درباره مجموعه فیلمهای : هابیت The Hobbit
هابیت یک سری فیلم متشکل از سه فیلم ماجراجویی فانتزی حماسی به کارگردانی پیتر جکسون است. آنها در 1937 رمان هابیت توسط JRR ویکیپدیا بر اساس
کارگردان: پیتر جکسون
شخصیت: اسماگ، توریل، بیلبو بگینز، لگولاس، بیش
شرکت های تولید: جدید خط سینما، مترو گلدوین مایر، فیلم
مارتین جان کریستوفر فریمن (به انگلیسی: Martin John C. Freeman) (زاده ۸ سپتامبر ۱۹۷۱) بازیگر انگلیسی است. عمده شهرتش بخاطر بازی در نقش جان واتسون در سریال شرلوک و بیلبو بگینز در هابیت میباشد.
وی متولد شهر الدرشات در همپشر است. پدر و مادر مارتین در زمانی که وی کودک بود از هم طلاق گرفتند. وی یک مسیحی کاتولیک است و دانشآموختهٔ کالج بروکلندز در رشتهٔ مطالعات رسانه است. منبع
ریچارد آرمیتاژ (هنرمند)
از ویکیپدیا، دانشنامهٔ آزاد
Armitage New York December 2012.jpg
آرمیتاژ در نیویورک (۲۰۱۲)
نام اصلی ریچارد کریسپین آرمیتاژ
زمینه فعالیت بازیگری
تولد ۲۲ اوت ۱۹۷۱ (۴۳ سال)
ملیت Flag of the United Kingdom.svg انگلیسی
سالهای فعالیت ۱۹۸۸ - حال
ریچارد کریسپین آرمیتاژ (زاده ۲۲ آگوست ۱۹۷۱) بازیگر انگلیسی است. وی بخاطر بازی در مجموعه فیلمهای هابیت به کارگردانی پیتر جکسون و کاپیتان آمریکا: نخستین انتقامجو به شهرت بینالمللی رسیده است.
ریچارد متولد لستر در انگلستان است. وی در کالج بروکینگتون در رشته موسیقی تحصیل کرده است.منبع
Sir Ian Murray McKellen, CH, CBE
سِر ایان مککلن، CBE (به انگلیسی: Sir Ian Murray McKellen, CH, CBE) (زاده ۲۵ مه ۱۹۳۹) بازیگر انگلیسی است.
از فیلمهای معروف او میتوان به سهگانه ارباب حلقهها، هابیت و مردان ایکس اشاره کرد.
ایان مک کلین به واسطه حضور در فیلم ارباب حلقهها: یاران حلقه موفق شد تا برای دومین بار کاندید اسکار بهترین بازیگر مکمل مرد شود. منبع
اورلاندو بلوم (به انگلیسی: Orlando Bloom) (زادهٔ ۱۳ ژانویه ۱۹۷۷) یک بازیگر انگلیسی که پیرو بازی در سبک باستانی است.
او با نقش غیرمنتظره خود در اوایل سالهای ۲۰۰۰ به عنوان شاهزادهٔ پریان به نام لگولاس در فیلم ارباب حلقهها و هابیت و آهنگری به نام ویل ترنر در سهگانه فیلم دزدان دریایی کارائیب و متعاقباً در فیلمهایی همچون تروآ، شهر الیزابت، پادشاهی بهشت خود را به عنوان یکی از بازیگران سینمای هالیوود مطرح کردهاست.
اورلاندو بلوم در سال ۲۰۱۰ با مانکن معروف ویکتوریا سیکرت، میراندا کر ازدواج کرد. این دو صاحب یک پسر به نام فیلین شدند. بلوم و کر در سال ۲۰۱۳ از یکدیگر جدا شده و به زندگی مشترک خود پایان دادند. وى اخيرا با بازى در تريلوژى هابيت3 (نبرد پنج ارتش) در نقش لگولاس را با موفقيت به پايان رساند. Link
Posters for the trilogy. From left to right: An Unexpected Journey, The Desolation of Smaug and The Battle of the Five Armies
- 14 December 2012
- (An Unexpected Journey)
- 13 December 2013
- (The Desolation of Smaug)
- 17 December 2014
- (The Battle of the Five Armies)
Running time474 minutes
(theatrical edition) 542 minutes
Read a Lawyer's Amazingly Detailed Analysis of Bilbo's Contract in The Hobbit
Editor's Note: James Daily, a lawyer and co-author of The Law and Superheroes, typically focuses his legal critiques on the superhero world at the Law and the Multiverse website he runs with fellow lawyer and co-author Ryan Davidson. Today, Daily takes a look a very important cultural document for Wired: The contract between Bilbo Baggins and the dwarves in The Hobbit.
Ordinarily I don't discuss legal issues relating to fictional settings that are dramatically different from the real world in terms of their legal system. Thus, Star Wars, Star Trek, Tolkien's Middle Earth, etc. are usually off-limits because we can't meaningfully apply real-world law to them. But the contract featured in The Hobbit: An Unexpected Journey was just too good a topic to pass up, especially since you can buy a high-quality replica of it that is over 5 feet long unfolded.
First, it seems fairly clear (to me, anyway) that Tolkien wrote the Shire (where hobbits live) as a close analog to pastoral England, with its similar legal and political structures. For example, the Shire has a mayor and sheriffs, and there is a system of inheritance similar to the common law. The common law fundamentals of contract law have not changed significantly since the time that the Shire is meant to evoke, so it makes sense that the contract would be broadly similar to a modern contract (and likewise that we could apply modern contract law to it).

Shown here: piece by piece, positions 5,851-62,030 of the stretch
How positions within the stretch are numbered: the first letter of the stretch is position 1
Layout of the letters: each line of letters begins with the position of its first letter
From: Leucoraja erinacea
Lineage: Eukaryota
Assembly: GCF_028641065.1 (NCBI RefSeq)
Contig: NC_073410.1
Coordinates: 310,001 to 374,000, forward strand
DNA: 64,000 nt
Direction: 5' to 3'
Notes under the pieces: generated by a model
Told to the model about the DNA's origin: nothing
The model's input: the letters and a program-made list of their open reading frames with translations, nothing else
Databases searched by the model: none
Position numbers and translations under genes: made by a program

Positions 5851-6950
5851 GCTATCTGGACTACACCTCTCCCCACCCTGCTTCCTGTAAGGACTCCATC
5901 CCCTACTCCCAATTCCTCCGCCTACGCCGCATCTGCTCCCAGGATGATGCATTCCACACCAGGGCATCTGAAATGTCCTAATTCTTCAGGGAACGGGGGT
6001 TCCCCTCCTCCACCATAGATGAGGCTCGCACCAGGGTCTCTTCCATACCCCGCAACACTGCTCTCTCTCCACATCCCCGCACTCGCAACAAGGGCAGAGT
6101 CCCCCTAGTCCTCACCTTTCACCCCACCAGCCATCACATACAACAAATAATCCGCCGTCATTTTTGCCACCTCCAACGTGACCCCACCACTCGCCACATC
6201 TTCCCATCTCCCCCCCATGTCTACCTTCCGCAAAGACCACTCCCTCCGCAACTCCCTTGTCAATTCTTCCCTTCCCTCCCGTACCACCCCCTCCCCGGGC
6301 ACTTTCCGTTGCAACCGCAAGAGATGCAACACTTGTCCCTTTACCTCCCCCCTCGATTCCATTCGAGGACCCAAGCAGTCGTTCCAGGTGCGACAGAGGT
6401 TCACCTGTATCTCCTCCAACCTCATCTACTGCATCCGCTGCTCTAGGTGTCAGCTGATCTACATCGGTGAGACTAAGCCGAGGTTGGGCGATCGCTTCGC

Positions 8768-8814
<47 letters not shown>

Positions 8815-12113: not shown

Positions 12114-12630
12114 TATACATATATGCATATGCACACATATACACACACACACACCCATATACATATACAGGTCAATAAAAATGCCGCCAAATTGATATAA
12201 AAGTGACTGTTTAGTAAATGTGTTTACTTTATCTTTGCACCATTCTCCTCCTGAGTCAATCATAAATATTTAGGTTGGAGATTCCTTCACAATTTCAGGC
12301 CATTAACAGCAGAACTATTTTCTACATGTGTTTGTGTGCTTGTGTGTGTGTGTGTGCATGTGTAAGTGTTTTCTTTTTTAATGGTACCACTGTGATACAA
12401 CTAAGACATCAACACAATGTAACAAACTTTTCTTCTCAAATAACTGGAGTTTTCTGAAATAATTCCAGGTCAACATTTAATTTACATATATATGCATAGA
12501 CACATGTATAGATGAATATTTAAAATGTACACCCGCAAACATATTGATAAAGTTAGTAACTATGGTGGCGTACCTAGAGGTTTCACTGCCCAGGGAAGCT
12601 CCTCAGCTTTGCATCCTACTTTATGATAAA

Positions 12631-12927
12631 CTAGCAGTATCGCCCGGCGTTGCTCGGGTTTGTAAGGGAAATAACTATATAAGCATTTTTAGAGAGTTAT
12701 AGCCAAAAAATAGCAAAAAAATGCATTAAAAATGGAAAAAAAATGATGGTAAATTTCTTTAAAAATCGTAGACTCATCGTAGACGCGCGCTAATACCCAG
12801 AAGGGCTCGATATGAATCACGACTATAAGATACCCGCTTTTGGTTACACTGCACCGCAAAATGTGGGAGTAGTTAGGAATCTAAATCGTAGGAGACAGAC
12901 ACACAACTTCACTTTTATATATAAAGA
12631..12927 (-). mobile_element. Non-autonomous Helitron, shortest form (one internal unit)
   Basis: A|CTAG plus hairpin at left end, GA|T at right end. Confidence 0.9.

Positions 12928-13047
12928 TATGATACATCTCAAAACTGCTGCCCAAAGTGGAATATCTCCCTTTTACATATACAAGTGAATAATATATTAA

So, without further ado, let's get to it.
The Contract in General
As mentioned, the contract is quite long. This is in contrast with the contract as described in the book, which is very terse. Its terms amounted to this:
For your hospitality our sincerest thanks, and for your offer of professional assistance our grateful acceptance. Terms: cash on delivery, up to and not exceeding one fourteenth of total profits (if any); all travelling expenses guaranteed in any event; funeral expenses to be defrayed by us or our representatives, if occasion arises and the matter is not otherwise arranged for.
Even in the book's version we see an issue: the dwarves accept Bilbo's "offer" but then proceed to give terms. This is not actually an acceptance but rather a counter-offer, since they're adding terms. In the end it doesn't matter because Bilbo effectively accepts the counter-offer by showing up and rendering his services as a burglar, but the basic point is that the words of a contract do not always have the legal effect that they claim to have. Sometimes you have to look past the form to the substance.
But back to the movie version: It has at least 40 major sections and numerous footnotes and digressions in smaller type. We will begin at the beginning and go on till we reach the end, except where the form of the contract requires some jumping around.
Bilbo's Obligations to the Dwarves
Two clauses describe Bilbo's primary obligations:
I, the undersigned, [referred to hereinafter as Burglar,] agree to travel to the Lonely Mountain, path to be determined by Thorin Oakenshield, who has a right to alter the course of the journey at his so choosing, without prior notification and/or liability for accident or injury incurred.
The aforementioned journey and subsequent extraction from the Lonely Mountain of any and all goods, valuables and chattels [which activities are described collectively herein as the Adventure] shall proceed in a timely manner and with all due care and consideration as seen fit by said Thorin Oakenshield and companions, numbering thirteen more or less, to wit, the Company.
All contracts require some consideration from all parties to the contract. Consideration, in the contract sense, means a bargained-for performance or promise. Restatement (Second) of Contracts § 71(1). Basically, this is something of value given or promised as part of the agreement. This can be anything that the parties agree is valuable; the classic example is a single peppercorn. Whitney v. Stearns, 16 Me. 394, 397 (1839).